Wednesdays & Thursdays (Fox)
New Season: Last week, reality-competition artifact American Idol had its lowest-rated season premiere ever. Related, same-show-but-let's-all-pretend-it's-different The X Factor is not a lock to be renewed for a fourth season by Fox, also thanks to eroded viewership. The Only TV Column That Matters™ is jumping straight to the conclusion that ... karaoke TV is dead! No more sob stories about the asthmatic, one-legged teen from Spittoon, Arkansas who worked three jobs at three different local Walmarts to pay for vocal coaching so she could nail both notes on "Roar"! No more "superstar" judges collecting easy paychecks until state-fair season! No more Ryan "Antichrist Cheesedick" Seacrest! Yeah, there's still The Voice on NBC ... just let me have this for a moment.
Thursday, Jan. 23 (Fox)
Series Debut: Producer Peter Tolan had a great run on FX with Rescue Me, but a soul-sucking nightmare at ABC with The Job. Rake, starring Greg Kinnear as a brilliant lawyer with an effdup lifestyle to rival Californication's Hank Moody, is nearly as dark as Rescue Me, and would probably be better-suited to cable—there are probably already betting pools to see if Fox actually sticks with this for all 13 episodes. Keegan Deane (no, he's not a guy named Jimmy Rake; the title's a noun meaning "dissolute person"—it's already too smart for broadcast TV) would take those odds, and Kinnear plays the charming gambler/womanizer role as effortlessly as you'd expect. And, just like cable's best antiheroes, he learns no Valuable Life Lessons along the way. Let's see how long this lasts (my money's on four weeks).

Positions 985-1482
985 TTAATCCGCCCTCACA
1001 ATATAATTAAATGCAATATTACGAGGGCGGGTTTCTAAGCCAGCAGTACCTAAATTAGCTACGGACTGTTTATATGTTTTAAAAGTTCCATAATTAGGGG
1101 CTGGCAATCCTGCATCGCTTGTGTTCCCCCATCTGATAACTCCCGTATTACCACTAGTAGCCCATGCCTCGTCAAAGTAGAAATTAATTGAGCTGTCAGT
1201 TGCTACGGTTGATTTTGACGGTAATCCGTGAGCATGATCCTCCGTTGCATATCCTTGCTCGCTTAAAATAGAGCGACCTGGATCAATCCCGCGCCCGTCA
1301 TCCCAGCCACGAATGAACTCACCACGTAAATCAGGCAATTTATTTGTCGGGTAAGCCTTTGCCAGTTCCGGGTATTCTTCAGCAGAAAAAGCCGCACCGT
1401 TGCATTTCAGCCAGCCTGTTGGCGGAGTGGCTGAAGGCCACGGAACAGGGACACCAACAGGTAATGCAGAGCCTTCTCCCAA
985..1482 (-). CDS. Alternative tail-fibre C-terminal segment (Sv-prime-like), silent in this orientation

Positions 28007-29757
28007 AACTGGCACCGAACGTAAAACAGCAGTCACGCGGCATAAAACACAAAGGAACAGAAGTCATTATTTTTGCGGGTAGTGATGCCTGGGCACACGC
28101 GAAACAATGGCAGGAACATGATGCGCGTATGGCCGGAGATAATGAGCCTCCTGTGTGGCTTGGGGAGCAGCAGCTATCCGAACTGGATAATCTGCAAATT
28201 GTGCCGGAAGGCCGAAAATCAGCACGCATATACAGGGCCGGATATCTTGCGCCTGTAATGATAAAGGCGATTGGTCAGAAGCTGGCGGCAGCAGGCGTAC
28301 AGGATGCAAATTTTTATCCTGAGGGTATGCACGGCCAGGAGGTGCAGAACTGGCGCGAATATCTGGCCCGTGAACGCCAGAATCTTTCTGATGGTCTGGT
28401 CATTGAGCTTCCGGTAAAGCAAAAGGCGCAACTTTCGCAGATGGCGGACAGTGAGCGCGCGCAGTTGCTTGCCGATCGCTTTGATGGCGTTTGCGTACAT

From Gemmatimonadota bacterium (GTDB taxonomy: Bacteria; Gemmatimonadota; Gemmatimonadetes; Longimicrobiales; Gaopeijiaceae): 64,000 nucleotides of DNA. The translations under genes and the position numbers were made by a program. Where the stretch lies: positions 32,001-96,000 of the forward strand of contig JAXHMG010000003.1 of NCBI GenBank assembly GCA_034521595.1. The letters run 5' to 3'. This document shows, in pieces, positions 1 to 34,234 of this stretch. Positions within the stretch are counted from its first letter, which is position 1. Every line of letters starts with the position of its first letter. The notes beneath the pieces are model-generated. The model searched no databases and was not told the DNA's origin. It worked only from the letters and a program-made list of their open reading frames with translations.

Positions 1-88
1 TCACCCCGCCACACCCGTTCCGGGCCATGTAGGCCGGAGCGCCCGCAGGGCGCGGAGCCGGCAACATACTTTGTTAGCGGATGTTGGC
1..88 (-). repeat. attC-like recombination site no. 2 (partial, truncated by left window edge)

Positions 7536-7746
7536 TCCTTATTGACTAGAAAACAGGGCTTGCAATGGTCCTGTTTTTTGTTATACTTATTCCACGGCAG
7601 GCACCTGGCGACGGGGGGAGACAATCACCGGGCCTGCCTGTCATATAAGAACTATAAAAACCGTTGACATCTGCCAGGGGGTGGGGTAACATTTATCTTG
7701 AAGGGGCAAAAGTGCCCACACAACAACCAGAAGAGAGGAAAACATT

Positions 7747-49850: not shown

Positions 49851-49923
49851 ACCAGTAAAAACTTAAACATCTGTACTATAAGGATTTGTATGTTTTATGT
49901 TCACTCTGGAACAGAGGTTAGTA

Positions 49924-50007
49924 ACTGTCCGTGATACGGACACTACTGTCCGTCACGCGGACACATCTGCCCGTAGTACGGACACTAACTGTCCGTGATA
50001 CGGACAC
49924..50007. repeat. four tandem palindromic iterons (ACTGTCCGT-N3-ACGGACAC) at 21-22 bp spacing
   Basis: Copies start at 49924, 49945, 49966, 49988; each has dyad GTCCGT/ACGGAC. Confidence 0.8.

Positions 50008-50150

Friday, Jan. 24 (Netflix)
Documentary: As you know, it was our job here at The Liberal Media in 2012 to make sure that Mitt Romney was not elected president—hell, Aaron Sorkin and The Newsroom took it so seriously, they were still fighting the fight as late as last summer. But was Romney really as stiff as we oh-so-easily portrayed him? Not according to documentary filmmaker Greg Whiteley, who followed the candidate for six years leading up to the election. Mitt shows Romney with his guard down, as a real and sometimes funny dude who just happens to have the hair of a game-show host and the sons of a cult leader (Tagg, Josh, Remulac and the rest come off no less creepy than before). Maybe we should have let Romney win; sure would be less exhausting than now defending Obama 24/7 and ... [REDACTED].
Saturday, Jan. 25 (Starz)
Series Debut: After delving into sexy Los Angeles societal unrest with Crash, sexy Chicago politics with Boss and sexy gladiator sex with Spartacus, it only makes sense that the next Starz original series would be about sexy 18th-century pirates ... right? Black Sails is a Michael Bay production, and it looks it—this is no cheapo-cable acquisition, but the best-looking Starz series yet (in every sense; "period authenticity" here means "models with slightly-mussed hair and dirty pantaloons"). The story—written as a sorta-prequel to Treasure Island—and acting aren't even up to Spartacus levels, but there's so much flash and action that it hardly matters, especially on a Saturday night. Got through the whole review without saying "Black Sails is rated arrr" ... damn it.
The 56th Annual Grammy Awards
Sunday, Jan. 26 (CBS)
Special: Imagine Dragons and Alabama Shakes are not "rock" bands and therefore do not belong in the "Rock" category. Likewise, Neil Young's Psychedelic Pill is not "rock," but "the sound of an old woman being strangled though a phase shifter."